The UK's credit rating was cut last night by major credit agency Moody's.
The investor service downgraded the country's long-term issuer rating to Aa2 from Aa1 over concerns that Brexit could hit the economy at a time when the government's debt reduction plans are already behind schedule.
Moody's said that the government's approach to public finances was "increasingly in question" and the the debt burden is likely to rise.
It said that "the government has yielded to pressure and raised spending in several areas". Meanwhile "revenues are unlikely to compensate for higher spending."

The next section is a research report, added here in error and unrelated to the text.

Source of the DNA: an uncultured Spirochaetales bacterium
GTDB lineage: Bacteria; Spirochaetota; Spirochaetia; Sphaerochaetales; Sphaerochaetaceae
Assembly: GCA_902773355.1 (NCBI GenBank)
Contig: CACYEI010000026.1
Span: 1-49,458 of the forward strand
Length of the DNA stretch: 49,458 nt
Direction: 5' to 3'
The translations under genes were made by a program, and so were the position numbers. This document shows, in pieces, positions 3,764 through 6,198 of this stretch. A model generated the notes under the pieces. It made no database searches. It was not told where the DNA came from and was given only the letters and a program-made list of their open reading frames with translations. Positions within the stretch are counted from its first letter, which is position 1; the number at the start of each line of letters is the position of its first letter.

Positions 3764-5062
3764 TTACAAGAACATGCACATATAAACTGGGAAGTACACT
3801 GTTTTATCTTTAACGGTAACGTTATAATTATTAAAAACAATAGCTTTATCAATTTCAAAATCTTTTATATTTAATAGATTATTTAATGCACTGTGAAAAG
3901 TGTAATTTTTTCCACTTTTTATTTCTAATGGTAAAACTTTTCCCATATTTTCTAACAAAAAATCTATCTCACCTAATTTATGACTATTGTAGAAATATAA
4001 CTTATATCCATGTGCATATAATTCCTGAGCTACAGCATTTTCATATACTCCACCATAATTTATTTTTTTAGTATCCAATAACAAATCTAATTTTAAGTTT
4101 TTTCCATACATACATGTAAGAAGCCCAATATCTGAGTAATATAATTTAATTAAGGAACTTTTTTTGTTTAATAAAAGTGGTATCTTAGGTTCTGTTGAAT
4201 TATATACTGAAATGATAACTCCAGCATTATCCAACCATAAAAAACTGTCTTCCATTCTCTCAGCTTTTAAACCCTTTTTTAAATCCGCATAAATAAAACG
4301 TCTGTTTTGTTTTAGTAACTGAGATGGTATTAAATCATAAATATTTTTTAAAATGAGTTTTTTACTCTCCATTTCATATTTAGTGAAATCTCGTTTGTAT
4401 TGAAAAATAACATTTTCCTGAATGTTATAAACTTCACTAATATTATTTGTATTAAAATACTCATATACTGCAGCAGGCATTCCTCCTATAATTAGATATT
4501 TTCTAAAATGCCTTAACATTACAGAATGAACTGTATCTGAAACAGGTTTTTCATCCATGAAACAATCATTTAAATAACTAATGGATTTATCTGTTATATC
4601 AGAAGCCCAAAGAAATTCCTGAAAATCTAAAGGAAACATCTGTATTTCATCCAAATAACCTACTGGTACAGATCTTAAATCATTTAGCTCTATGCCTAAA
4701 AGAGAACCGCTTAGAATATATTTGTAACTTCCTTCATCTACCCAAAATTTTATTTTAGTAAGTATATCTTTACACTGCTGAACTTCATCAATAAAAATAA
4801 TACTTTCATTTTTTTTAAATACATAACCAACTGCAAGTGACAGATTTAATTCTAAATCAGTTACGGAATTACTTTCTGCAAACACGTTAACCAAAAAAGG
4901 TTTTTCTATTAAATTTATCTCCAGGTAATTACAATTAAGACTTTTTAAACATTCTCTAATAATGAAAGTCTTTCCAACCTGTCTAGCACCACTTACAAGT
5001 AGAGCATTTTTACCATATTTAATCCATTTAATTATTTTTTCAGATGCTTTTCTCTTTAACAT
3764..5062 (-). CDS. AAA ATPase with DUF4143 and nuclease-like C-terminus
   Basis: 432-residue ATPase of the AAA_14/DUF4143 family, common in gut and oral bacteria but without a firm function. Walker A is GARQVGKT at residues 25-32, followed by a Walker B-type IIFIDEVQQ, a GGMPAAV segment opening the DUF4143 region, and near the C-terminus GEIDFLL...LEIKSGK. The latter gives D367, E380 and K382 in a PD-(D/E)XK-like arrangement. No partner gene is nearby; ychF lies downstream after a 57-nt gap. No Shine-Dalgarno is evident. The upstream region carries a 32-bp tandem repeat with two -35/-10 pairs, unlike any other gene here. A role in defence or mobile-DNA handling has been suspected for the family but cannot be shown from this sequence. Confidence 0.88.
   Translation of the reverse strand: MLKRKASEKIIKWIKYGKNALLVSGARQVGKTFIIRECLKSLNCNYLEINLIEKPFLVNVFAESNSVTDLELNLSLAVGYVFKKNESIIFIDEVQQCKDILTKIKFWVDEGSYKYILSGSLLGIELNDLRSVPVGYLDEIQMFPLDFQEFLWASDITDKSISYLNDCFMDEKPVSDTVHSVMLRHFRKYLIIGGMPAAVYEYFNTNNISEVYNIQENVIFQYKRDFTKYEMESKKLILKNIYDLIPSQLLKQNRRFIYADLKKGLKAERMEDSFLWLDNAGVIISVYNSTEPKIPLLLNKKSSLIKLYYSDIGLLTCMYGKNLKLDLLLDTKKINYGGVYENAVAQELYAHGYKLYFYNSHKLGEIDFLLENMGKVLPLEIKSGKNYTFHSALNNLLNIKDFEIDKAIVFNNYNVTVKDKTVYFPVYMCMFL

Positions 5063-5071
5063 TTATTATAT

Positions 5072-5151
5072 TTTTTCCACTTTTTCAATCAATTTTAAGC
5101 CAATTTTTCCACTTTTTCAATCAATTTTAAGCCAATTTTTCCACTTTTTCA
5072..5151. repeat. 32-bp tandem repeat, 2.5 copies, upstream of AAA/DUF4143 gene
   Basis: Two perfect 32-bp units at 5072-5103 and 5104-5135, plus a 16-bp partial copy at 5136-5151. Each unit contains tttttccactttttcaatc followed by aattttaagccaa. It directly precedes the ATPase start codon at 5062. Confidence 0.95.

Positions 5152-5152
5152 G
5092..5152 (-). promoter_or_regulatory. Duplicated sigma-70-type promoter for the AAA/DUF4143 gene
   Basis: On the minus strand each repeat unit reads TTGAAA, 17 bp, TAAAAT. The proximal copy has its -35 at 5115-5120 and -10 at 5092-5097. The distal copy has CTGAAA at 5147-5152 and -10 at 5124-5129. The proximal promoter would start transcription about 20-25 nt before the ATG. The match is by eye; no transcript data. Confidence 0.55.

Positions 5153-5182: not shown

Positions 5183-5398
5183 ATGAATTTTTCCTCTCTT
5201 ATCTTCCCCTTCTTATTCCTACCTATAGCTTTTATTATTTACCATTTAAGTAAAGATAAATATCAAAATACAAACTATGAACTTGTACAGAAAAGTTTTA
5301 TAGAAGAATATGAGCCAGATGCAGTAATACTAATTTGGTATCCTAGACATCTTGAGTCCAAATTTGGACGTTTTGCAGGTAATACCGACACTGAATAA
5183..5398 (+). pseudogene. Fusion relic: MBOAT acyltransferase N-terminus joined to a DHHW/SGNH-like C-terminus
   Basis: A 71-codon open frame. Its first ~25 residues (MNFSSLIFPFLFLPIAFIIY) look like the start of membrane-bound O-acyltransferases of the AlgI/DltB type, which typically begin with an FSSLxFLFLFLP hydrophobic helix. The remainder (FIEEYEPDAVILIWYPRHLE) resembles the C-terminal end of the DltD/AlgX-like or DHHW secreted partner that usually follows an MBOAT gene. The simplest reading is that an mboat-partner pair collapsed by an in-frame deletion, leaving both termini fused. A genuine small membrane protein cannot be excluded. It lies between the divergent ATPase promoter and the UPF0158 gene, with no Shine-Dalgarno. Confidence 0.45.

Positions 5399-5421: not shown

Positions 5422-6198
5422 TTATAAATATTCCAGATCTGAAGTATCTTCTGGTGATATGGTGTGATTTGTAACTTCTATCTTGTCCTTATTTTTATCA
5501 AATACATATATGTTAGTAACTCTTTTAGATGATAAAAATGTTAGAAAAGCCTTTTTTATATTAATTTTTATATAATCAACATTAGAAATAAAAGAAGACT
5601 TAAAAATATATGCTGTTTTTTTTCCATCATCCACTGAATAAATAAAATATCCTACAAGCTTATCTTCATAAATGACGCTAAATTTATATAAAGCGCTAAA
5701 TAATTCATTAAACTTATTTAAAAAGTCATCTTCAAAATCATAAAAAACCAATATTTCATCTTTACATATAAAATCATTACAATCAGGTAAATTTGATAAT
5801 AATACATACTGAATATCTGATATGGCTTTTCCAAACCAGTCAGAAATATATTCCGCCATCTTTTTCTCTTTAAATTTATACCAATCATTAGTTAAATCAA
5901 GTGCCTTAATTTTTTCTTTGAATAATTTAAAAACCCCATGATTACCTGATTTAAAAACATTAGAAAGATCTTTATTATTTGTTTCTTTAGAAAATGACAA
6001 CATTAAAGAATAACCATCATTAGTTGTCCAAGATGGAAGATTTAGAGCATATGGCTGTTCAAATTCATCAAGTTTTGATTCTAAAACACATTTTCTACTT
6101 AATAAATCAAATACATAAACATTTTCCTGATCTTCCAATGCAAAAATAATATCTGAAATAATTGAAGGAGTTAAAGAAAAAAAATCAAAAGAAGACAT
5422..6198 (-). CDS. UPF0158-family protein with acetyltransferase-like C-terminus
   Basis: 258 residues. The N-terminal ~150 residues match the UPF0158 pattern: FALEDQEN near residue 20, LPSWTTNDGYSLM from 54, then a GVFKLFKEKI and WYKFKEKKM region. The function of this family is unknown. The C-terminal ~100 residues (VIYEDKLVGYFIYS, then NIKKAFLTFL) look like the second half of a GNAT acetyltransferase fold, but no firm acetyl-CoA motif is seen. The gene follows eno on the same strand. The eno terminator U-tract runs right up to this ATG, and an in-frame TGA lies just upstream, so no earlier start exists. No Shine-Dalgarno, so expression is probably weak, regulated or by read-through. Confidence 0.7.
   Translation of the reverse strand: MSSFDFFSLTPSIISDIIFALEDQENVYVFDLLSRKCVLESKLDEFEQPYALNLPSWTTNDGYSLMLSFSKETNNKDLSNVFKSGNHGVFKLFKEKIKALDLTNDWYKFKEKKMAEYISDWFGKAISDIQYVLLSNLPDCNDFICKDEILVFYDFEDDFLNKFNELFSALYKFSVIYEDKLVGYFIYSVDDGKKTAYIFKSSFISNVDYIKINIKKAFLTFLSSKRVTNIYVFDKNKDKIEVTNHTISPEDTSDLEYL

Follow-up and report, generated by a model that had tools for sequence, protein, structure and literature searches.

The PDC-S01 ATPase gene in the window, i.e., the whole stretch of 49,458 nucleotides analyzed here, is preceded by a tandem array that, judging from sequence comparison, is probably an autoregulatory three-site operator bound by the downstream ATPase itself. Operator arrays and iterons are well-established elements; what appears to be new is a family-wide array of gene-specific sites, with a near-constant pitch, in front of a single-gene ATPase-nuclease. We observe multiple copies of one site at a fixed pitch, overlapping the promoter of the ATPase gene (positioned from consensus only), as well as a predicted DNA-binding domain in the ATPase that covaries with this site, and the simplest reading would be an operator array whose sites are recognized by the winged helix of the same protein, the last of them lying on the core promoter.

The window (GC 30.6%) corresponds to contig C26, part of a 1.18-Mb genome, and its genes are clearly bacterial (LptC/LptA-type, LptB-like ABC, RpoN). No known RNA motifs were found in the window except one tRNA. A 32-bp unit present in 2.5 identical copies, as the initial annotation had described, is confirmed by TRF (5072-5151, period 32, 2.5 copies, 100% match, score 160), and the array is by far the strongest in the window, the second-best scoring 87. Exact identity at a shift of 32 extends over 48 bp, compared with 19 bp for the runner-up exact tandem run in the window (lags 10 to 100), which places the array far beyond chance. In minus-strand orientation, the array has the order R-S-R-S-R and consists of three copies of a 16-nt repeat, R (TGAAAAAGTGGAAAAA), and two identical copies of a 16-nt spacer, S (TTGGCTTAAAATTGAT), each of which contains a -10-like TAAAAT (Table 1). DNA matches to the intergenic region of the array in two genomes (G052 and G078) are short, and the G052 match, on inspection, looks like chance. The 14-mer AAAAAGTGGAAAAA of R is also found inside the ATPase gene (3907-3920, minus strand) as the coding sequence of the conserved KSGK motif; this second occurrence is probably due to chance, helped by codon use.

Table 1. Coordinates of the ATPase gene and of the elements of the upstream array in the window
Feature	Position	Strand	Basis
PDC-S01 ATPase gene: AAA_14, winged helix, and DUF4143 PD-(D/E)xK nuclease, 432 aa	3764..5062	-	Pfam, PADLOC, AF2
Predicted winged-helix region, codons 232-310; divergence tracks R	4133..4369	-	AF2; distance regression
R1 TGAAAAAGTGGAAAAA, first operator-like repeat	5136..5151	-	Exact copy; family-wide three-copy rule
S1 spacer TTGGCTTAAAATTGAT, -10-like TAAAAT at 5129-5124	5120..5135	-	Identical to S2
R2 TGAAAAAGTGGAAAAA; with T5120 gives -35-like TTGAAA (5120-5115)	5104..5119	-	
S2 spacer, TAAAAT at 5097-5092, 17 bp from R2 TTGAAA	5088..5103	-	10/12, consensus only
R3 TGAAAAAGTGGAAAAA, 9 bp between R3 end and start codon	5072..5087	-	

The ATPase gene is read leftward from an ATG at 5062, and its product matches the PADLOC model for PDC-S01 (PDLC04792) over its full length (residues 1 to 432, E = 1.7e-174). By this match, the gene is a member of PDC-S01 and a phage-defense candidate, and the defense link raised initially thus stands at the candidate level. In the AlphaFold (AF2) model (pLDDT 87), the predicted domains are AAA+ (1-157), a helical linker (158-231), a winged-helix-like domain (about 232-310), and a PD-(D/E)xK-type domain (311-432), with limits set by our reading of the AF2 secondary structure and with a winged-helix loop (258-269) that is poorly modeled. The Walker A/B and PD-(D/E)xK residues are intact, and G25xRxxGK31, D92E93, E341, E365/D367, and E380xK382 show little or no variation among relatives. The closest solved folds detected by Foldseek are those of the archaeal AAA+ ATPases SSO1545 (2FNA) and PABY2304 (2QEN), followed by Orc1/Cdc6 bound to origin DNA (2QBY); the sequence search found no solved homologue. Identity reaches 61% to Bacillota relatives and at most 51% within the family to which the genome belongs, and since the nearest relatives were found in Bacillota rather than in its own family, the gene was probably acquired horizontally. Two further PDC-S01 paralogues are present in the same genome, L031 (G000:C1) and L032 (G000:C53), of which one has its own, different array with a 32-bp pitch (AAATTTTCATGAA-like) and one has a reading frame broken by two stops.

The "increasingly apparent challenges" of Brexit also dragged down the rating, with the firm saying it no longer expected a replacement free trade deal to be negotiated.
Downing Street said the firm's outlook was "outdated".
Moody's said it had come to the decision to change the rating earlier this week, before announcing it yesterday evening, meaning it was not linked to Prime Minister Theresa May's speech Florence speech on Brexit yesterday.
But a representative for the agency told the BBC's Today programme that the forecast was still up to date "in terms of what we think is going to happen".